Click below on the new infographic I created to see it in normal size.
This series of posts about You Oughta Know: Acknowledging, Recognizing, and Responding to the Steps in the Journey Through Dementias and Alzheimer’s Disease began with the forward to the book and an explanation of why I wrote this book and why you should read it.
This post will include an excerpt from chapter 1, which thorough covers the first step in the journey through dementias and Alzheimer’s Disease, which is mild cognitive impairment (MCI).
The title of the book, as well each chapter title, may, depending on your age and musical tastes (mine run toward eclectic, alternative, and indie) sound familiar.
That was intentional on my part for two reasons.
One reason is because music is a universal language, and music can often be comforting to our loved ones with dementias and Alzheimer’s Disease.
The other reason – one that caregivers do continually – was to look at something familiar in an entirely different context that broadens our relationship to and with it. If you’re familiar with these lines (a list of the song titles and artists for each song line/chapter title is included at the end of the book), you will never listen to these songs the same way again after reading this book.
And that’s the point: life is never the same after our loved ones and we have gone through the journey of dementias and Alzheimer’s Disease. Everything changes, including us.
Most of the changes are personal, internal, and deep. They should be positive in terms of growth in love, compassion, empathy, care, concern, gentleness, kindness, patience, and self-control.
But they will also reflect a greater recognition and understanding of a hostile world that needs change (we have faith that change will come) and a greater awareness – and peace with – our own frailty and mortality as mere humans who only dance on this earth for a short while.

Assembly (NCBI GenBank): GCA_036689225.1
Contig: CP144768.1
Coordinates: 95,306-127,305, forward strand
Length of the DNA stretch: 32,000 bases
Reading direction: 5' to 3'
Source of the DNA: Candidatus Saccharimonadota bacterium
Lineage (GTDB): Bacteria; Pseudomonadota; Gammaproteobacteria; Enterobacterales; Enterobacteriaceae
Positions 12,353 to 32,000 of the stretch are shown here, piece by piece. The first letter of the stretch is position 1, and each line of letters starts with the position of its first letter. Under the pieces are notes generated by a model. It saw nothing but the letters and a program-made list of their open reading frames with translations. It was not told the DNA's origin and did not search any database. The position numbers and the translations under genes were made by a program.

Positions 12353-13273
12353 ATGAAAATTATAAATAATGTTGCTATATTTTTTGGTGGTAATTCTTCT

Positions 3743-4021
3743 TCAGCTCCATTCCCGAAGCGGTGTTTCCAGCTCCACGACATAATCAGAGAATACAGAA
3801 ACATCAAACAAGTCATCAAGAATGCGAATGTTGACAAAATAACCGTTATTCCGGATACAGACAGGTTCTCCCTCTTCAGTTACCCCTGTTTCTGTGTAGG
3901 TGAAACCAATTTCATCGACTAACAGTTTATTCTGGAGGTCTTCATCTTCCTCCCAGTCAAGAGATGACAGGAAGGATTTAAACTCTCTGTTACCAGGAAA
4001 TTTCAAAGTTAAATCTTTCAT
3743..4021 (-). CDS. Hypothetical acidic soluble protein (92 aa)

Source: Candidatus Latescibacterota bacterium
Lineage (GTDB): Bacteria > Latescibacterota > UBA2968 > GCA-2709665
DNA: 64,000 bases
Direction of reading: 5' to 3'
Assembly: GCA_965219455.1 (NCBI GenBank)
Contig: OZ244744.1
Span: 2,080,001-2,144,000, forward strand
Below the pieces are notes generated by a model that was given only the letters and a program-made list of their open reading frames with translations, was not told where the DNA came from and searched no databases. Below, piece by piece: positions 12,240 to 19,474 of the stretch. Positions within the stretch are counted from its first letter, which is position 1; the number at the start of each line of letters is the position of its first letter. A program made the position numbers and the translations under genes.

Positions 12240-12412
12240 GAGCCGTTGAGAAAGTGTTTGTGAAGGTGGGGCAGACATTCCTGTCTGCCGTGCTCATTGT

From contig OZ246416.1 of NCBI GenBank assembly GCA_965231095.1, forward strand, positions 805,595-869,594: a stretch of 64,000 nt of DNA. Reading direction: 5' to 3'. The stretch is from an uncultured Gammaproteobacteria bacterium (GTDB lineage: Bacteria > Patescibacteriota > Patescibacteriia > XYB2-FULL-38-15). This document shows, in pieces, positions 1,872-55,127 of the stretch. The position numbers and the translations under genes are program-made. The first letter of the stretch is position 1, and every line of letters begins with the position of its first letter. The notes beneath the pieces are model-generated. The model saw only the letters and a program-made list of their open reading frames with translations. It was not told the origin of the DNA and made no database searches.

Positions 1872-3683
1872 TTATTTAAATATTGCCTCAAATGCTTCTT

And, on the other side of the journey, we often find ourselves mostly alone, except for a few along the way that we know or befriend who have or are sharing the same journey, in the changes to who we are and how we view the world and how we view life.
That’s not a criticism to those who haven’t been through this journey – and we pray they don’t have to go through it, but we know the odds are not in their favor – but simply a statement of fact.
It’s sad at times and painful at times, but it’s the reality that, for now, we have to live with and move forward in spite of.
Excerpt “Chapter 1: ‘I Don’t Remember, I Don’t Recall'”
“Because it affects short-term memory, mild cognitive impairment affects the recent past and the present.
What does this look like in practical terms?
Repeating things in conversations, stories, and writing
This manifests itself in telling the same things over and over, and with each retelling, it’s as though it’s the first time telling it. It is very similar to the effect of a scratch in an old vinyl record, where that point in the track gets replayed over and over until someone goes over and physically lifts the needle up and moves it beyond the scratch. However, with our loved ones, it’s rarely that easy or that simple.
Frequently losing and misplacing things
We all, from time to time, pick things up, get derailed in going from point A to point B, laying the things down somewhere in between, and then having no idea where we put them when we finally get to point B. However, with mild cognitive impairment, this becomes normal.”
I’ve just written and published my newest book, You Oughta Know: Recognizing, Acknowledging, and Responding to the Steps in the Journey Through Dementias and Alzheimer’s Disease.
I’ll include the short summary from Amazon I wrote for the book:
In my own experience with this and in counseling, supporting, and working with others who are going through these steps, I realized there is a basic lack of comprehension about the big picture of how these neurological diseases progress.
I know that because the same questions get asked and answered over and over again.
My purpose is to ask those questions and answer them in a way that, first, makes sense, and, second, works for everybody involved.
I know. I’ve been on the caregiving side of the equation personally. There were no books like this when I did it, so I had to learn on my own and figure out what worked and what didn’t. I made mistakes. You’ll make mistakes.
But, in the end, my mom and whoever you love and are caring for, got the best we have to give and we can learn some pretty incredible and good life lessons along the way.
If you don’t read another book on this subject, you should read this one. I don’t have all the answers, but the answers I have learned are the ones that probably matter most.
Not just now, but for the rest of our lives.”
This book also includes the last step that we take alone without our loved ones: grief. I’ve been there and I’ve done that and although I will never not feel the grief on some level, I’ve learned some lessons that I know will help each of you.